The Golden State Warriors didn’t get a trophy after winning last year’s NBA Summer League in Las Vegas with a 5-0 record. But if the Warriors can repeat this July, there will be hardware to cart back to Oakland.
The NBA officially announced Wednesday the establishment of a championship tournament for this year’s summer league, which begins July 12 at Cox Pavilion and the Thomas & Mack Center. All participating teams will play three games, then will be seeded in a single-elimination format with the championship game to be played on Monday night, July 22 in the Thomas & Mack.
Regardless of whether they make the playoffs, which run from July 20-22, each team is guaranteed a minimum of five games during the 11-day run in Las Vegas.
Warren LeGarie, the summer league’s founder and who currently oversees the running of the league for the NBA, said the change wasn’t just to shake things up and make it more interesting for the fans.
“We don’t want to be too pretentious and think we know more than the general managers but I believe you will see players being tested more in this kind of setting where it’s competitive and there’s something at stake,” LeGarie said Wednesday. “I think it helps in evaluating a player to see how he performs in a competitive environment.”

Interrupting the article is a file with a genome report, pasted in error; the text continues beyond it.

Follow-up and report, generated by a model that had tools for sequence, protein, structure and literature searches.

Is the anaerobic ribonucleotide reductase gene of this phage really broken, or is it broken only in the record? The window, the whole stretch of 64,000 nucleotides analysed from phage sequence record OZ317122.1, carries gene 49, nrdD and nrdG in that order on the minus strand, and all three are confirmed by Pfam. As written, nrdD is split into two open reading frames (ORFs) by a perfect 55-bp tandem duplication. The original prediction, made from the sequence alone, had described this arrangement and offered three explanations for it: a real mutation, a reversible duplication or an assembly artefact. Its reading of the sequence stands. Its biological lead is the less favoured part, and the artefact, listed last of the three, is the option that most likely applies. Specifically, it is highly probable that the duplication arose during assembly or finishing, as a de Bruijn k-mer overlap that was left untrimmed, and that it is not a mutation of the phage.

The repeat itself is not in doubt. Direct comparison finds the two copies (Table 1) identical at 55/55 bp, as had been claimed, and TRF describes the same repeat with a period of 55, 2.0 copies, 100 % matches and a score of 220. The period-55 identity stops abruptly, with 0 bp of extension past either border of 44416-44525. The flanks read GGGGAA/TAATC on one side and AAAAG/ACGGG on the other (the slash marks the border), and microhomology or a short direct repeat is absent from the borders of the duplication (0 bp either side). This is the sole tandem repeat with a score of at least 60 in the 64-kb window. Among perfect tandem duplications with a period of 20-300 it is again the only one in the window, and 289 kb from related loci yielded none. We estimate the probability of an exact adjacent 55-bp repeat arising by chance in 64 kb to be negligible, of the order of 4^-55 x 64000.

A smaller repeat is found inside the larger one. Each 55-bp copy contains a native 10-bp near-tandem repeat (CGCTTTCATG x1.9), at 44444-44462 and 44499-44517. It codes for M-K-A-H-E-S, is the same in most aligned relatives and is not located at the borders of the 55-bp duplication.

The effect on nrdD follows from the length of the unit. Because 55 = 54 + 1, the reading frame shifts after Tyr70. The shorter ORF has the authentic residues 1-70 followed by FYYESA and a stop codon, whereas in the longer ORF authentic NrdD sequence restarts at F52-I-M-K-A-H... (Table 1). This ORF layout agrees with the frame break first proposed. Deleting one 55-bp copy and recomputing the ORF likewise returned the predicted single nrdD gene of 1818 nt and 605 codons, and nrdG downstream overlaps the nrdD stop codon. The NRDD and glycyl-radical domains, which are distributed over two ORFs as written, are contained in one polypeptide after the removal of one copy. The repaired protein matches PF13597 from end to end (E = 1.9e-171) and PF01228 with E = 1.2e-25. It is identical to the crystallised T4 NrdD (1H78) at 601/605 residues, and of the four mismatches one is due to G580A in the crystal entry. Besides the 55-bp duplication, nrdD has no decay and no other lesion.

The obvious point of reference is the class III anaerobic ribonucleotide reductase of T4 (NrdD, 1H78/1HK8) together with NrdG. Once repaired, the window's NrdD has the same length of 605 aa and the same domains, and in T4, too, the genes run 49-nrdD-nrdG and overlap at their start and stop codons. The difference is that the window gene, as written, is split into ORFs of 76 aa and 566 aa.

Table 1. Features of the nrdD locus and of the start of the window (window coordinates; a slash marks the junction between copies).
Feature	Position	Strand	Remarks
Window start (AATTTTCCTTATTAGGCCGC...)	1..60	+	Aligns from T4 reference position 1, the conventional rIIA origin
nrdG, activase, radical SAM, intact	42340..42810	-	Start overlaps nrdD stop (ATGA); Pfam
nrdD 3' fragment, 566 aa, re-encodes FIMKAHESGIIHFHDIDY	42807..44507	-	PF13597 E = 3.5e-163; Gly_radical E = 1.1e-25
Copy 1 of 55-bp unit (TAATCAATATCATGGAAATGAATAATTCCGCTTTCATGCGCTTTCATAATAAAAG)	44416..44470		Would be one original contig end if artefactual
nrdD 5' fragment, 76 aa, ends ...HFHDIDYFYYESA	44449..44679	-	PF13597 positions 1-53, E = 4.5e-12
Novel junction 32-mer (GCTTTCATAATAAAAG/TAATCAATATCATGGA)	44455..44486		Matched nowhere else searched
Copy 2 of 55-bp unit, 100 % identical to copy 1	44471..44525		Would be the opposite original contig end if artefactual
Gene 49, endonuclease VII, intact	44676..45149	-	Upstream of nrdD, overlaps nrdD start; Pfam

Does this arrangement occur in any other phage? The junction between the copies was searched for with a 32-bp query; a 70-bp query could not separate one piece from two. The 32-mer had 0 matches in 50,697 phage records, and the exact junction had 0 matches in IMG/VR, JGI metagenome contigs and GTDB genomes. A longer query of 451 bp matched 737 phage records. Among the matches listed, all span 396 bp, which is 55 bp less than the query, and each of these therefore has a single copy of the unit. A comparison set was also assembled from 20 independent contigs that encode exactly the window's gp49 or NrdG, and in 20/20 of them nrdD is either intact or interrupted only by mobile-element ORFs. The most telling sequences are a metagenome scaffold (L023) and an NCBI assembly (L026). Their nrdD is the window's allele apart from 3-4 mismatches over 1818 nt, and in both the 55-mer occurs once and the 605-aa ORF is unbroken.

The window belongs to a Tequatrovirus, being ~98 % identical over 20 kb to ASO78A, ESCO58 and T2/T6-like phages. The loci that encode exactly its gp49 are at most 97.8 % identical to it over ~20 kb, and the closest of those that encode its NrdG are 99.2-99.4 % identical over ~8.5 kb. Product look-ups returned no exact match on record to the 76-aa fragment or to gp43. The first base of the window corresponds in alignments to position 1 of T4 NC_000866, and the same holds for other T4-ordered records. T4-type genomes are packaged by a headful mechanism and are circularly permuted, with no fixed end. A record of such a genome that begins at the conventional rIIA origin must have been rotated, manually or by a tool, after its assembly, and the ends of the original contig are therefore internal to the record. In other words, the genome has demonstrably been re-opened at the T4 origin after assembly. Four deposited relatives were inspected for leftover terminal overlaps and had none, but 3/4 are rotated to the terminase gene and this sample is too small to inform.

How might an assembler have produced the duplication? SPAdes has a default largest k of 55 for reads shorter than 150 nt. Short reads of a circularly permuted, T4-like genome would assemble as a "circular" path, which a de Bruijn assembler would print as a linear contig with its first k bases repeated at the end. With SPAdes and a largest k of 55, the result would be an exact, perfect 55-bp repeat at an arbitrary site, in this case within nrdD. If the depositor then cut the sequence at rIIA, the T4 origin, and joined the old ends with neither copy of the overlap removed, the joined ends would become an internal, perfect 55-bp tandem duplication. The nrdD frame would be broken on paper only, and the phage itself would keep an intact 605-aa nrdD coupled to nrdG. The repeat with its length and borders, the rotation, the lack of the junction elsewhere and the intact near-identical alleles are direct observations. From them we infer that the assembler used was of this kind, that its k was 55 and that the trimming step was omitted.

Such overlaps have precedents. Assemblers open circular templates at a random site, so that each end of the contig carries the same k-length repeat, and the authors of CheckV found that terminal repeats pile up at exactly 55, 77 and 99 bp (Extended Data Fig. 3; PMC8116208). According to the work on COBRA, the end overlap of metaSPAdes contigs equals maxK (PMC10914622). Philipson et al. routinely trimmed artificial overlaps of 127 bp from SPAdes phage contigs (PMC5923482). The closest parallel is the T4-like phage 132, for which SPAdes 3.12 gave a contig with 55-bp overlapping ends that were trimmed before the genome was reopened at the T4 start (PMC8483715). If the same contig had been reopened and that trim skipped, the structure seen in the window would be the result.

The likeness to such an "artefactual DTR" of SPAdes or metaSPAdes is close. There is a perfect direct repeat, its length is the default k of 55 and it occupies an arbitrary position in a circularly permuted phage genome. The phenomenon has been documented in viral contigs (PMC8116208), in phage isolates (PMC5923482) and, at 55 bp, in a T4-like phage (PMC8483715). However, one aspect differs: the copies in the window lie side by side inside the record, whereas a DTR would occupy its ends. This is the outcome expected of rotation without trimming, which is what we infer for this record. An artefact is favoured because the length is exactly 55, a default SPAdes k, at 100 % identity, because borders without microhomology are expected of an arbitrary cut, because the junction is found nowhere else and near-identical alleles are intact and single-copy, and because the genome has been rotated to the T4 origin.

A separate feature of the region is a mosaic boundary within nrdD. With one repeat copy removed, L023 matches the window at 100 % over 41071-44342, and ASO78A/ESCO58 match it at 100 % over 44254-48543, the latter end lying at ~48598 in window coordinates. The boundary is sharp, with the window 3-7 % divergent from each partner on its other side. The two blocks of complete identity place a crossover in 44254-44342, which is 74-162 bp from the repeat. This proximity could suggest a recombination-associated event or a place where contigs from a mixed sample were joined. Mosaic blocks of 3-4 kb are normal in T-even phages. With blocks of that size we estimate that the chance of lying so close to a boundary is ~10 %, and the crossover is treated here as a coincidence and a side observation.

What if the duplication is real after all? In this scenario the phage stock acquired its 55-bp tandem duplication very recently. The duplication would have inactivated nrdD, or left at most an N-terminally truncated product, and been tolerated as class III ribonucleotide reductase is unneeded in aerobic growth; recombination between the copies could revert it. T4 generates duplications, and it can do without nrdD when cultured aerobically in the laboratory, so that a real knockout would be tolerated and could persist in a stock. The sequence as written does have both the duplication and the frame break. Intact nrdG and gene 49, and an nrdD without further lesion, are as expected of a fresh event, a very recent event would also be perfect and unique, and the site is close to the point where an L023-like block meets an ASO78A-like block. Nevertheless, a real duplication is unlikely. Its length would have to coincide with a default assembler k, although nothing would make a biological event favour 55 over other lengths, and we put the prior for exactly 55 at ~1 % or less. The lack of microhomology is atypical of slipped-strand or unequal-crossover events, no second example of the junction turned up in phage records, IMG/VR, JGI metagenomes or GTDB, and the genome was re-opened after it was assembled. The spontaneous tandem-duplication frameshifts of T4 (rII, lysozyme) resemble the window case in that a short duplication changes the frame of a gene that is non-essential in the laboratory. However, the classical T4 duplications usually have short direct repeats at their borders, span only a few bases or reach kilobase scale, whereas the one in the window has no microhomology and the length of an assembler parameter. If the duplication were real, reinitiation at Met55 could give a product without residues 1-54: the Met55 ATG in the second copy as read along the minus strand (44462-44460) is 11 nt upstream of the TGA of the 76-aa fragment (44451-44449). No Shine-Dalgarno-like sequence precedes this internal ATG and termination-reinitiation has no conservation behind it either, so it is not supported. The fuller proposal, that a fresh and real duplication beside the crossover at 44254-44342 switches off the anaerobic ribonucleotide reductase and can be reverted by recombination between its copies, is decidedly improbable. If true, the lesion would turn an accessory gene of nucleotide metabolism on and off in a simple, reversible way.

Last year’s summer league, which had 24 teams, attracted a record 51,000 fans over its 10-day run. NBA TV televised 38 of the 60 games live, and part of the format change is an effort to boost ratings.
“I think by having a better product with more competitive games it’ll make for better television,” LeGarie said. “We want to make it fresh for the fans who show up and the fans who tune in and we think it’ll be a positive change.”
Albert Hall, the summer league’s vice president of business operations, said having something to play for should make for more competitive games.
“It always adds a little more excitement for the fans when there’s something on the line,” Hall said. “For teams like Charlotte or New Orleans, winning a secondary championship can give them some positive momentum heading into training camp in the fall.”
Legarie said the final roster of participants is being worked on and should be set in the next couple of weeks. He said it could be 24 or 22 teams depending how things shake out.
“Twenty-four is the optimum number,” he said. “We’re just waiting on a couple of teams to hear what their plans are.”
Tickets for this year’s summer league, which will be priced at $25 for adults and $15 for children 16 and under per session, go on sale June 1 at the Thomas & Mack box office and through UNLVTickets.com.
Contact reporter Steve Carp at email@example.com or 702-387-2913. Follow him on Twitter: @stevecarprj.